Roskam, Dold introduce bill to safeguard Medicare card data
U.S. Reps. Peter Roskam (R-Dist. 6) and Robert Dold (R-Dist. 10) introduced a bill late last week that would update Medicare cards to safeguard seniors’ personal information and reduce Medicare fraud, which costs taxpayers up to $60 billion annually.
The Medicare Common Access Card Act of 2015 would keep seniors' personal information secure by installing chips in Medicare cards using technology similar to that used by the U.S. Department of Defense.
"We have a responsibility to our seniors to advance common-sense steps like this to ensure Medicare remains solvent far into the future," Roskam said. "Revolutionizing Medicare cards by installing smart-chip technology will help prevent fraud and improper payments on the front end and save this critical program billions of dollars annually."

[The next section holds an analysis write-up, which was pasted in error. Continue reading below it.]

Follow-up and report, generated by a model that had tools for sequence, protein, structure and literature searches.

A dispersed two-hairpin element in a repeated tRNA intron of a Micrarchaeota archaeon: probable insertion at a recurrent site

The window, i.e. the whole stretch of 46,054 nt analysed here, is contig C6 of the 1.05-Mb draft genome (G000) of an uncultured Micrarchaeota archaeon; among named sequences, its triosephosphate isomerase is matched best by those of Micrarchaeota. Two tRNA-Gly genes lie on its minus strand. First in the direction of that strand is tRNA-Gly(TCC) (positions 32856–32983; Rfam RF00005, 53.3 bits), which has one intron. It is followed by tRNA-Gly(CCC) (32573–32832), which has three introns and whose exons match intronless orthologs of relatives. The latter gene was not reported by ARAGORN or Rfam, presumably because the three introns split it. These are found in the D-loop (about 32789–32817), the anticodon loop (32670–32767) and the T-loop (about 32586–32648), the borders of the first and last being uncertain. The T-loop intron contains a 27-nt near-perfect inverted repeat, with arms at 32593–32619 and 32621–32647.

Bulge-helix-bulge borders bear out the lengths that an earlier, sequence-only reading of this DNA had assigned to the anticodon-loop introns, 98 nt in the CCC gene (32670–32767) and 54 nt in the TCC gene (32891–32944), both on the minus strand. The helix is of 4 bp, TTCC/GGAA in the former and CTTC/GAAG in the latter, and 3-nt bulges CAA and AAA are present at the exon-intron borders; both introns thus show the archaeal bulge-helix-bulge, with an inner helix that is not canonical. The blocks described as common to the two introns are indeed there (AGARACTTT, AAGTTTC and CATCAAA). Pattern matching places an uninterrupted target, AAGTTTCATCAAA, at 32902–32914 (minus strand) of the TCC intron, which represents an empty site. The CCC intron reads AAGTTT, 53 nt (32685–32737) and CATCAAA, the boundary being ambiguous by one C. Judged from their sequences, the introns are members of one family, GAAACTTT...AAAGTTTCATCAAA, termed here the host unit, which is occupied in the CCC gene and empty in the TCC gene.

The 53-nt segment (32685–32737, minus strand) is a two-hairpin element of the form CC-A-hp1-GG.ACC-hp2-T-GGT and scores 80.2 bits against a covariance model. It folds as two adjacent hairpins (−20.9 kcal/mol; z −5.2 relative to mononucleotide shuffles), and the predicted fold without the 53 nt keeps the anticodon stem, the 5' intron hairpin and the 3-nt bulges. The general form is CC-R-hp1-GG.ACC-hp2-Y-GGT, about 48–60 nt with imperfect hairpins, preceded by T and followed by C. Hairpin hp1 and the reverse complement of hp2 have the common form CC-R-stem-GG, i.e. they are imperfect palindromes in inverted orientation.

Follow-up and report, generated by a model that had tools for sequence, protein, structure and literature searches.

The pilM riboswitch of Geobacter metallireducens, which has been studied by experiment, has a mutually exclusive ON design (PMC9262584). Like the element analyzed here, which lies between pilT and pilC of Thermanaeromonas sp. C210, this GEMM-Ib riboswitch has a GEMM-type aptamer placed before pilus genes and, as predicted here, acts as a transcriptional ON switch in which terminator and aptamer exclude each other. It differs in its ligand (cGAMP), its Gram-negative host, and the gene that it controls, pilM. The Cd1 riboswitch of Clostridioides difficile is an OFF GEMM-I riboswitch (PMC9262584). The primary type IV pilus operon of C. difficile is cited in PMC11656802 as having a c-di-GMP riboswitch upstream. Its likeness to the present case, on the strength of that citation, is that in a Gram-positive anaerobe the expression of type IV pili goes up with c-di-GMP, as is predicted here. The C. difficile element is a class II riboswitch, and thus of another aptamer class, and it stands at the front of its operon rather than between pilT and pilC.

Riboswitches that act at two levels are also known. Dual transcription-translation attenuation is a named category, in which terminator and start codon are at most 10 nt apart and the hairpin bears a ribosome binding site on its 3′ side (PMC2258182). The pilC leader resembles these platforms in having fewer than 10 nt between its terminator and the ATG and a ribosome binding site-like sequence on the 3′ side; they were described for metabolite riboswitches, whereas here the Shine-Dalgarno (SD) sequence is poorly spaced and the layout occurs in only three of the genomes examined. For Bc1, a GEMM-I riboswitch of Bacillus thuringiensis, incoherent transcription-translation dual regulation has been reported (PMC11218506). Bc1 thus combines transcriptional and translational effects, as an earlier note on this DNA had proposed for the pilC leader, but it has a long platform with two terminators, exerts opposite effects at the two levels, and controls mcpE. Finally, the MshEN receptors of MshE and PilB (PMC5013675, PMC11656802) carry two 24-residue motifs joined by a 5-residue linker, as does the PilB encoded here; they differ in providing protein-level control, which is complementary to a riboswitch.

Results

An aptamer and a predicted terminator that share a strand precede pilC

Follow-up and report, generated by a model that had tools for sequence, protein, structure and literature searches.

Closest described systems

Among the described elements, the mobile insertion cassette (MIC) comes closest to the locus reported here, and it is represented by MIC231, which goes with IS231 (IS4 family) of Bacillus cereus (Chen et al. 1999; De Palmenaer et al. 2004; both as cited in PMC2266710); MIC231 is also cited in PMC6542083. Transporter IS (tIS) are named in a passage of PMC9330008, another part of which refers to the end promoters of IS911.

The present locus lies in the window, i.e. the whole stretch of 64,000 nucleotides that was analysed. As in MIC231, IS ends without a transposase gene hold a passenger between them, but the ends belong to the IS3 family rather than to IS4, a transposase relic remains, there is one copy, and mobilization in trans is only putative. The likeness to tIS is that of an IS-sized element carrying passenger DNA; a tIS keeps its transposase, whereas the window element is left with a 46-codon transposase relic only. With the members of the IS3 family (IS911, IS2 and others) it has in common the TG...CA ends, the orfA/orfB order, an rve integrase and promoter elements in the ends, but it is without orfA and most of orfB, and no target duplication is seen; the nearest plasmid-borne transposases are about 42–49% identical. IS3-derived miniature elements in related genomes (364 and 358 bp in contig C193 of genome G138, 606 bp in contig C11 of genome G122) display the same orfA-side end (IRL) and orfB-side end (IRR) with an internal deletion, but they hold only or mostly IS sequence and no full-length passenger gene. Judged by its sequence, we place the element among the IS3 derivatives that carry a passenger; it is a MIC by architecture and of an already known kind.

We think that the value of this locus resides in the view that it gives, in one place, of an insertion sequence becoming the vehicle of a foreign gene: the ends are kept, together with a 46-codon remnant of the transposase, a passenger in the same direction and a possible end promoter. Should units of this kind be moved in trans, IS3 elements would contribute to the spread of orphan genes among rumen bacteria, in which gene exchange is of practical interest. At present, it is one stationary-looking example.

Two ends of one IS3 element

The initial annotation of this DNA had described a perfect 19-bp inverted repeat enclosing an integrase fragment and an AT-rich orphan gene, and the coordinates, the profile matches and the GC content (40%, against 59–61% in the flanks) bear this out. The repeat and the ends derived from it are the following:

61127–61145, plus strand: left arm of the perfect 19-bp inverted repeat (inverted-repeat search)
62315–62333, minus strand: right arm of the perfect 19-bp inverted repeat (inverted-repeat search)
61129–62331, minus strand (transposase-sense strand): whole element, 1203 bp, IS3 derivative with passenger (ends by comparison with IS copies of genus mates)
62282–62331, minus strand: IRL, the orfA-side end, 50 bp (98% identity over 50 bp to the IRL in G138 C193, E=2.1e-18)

Currently, the 55 million Americans enrolled in Medicare use cards that display their Social Security numbers and other personal information on the front, putting them at risk of identity theft. On the new cards, such private data would be stored in the chip. The Medicare Common Access Card Act would utilize the same type of chip technology the U.S. Department of Defense uses in cards issued to men and women in uniform to make Medicare cards more secure. The chip technology would specifically keep personal information secure and would give Medicare beneficiaries assurances that their billing is accurate when they visit their doctors.
"This will protect our seniors from fraud and save taxpayers billions of dollars per year," Dold said.
Roskam has represented Illinois' Sixth District in the House since 2007. Born in Hinsdale, Illinois, in 1961, Roskam previously served as chief deputy whip from 2011 to 2014. Roskam was educated at the University of Illinois & Chicago-Kent College of Law and serves on the Ways and Means Committee.